Resume Misconceptions – What a Resume is Not

1. A document that reflects your personality: Unless you’re in the performing arts or involved in a creative industry, a resume should err on the conservative side — no designer fonts or unusual designs.

2. An exhaustive listing of everything you’ve done: Recruiters and Hiring Managers want recent experience, not all experience. The rule of thumb is to go back 10 years for IT professionals and no more than 15 years for those in other industries. Ideally, a resume should not be longer than 2 pages.

3. A document that tells the recruiter or hiring manager what you want: Recruiters and Hiring Managers are interested in what you can bring to their organizations in terms of performance — increasing profits or reducing costs. What you want (your objective) is secondary.

4. A document that will guarantee an interview or job offer: A resume is the beginning of your job search. It cannot guarantee the end result. No matter how well your accomplishments are detailed and your data presented, if your background doesn’t closely match the requirements of the job, you will not be called in for an interview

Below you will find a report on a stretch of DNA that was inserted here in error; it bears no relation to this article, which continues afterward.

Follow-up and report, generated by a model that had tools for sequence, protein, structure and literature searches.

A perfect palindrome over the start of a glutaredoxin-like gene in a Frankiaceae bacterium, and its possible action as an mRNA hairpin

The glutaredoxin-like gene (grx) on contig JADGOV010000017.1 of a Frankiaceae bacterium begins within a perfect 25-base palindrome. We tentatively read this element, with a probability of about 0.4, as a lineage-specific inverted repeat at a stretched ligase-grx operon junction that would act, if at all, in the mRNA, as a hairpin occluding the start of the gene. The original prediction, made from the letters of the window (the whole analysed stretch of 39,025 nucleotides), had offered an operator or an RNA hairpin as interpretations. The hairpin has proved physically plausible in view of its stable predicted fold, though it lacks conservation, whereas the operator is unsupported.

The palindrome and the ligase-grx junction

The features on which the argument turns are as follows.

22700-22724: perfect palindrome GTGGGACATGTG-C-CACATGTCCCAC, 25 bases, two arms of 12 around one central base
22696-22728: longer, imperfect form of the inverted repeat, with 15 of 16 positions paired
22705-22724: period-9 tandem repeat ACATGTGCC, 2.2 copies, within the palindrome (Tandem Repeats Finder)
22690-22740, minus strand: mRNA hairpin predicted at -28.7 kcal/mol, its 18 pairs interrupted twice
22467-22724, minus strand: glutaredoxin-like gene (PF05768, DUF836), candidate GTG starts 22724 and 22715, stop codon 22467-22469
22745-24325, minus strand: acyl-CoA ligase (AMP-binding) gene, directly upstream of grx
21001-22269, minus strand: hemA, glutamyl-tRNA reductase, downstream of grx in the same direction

5. A one-size-fits-all document: Certainly, there are basic standards for all resumes, such as page length and data prioritization/organization. However, your background is unique and needs to be presented to showcase your skills, not fit a general template designed for everyone.

6. A document that will please your spouse, parents, colleagues, etc.: The only audience that matters is Recruiters and Hiring Managers. Relatives, friends, colleagues, and acquaintances may be well-meaning, but they are not experts in resume writing. They may tell you to add hobbies, when you should not – or include personal data when it’s not required.

7. A document that is perfect in every way: Organization of data and showcasing accomplishments are what matter most in a resume as does language and tone (be professional at all times). Recruiters and Hiring Managers are looking for hard skills that you can bring to their organization, not whether you used the word ‘oversaw’ rather than ‘managed’.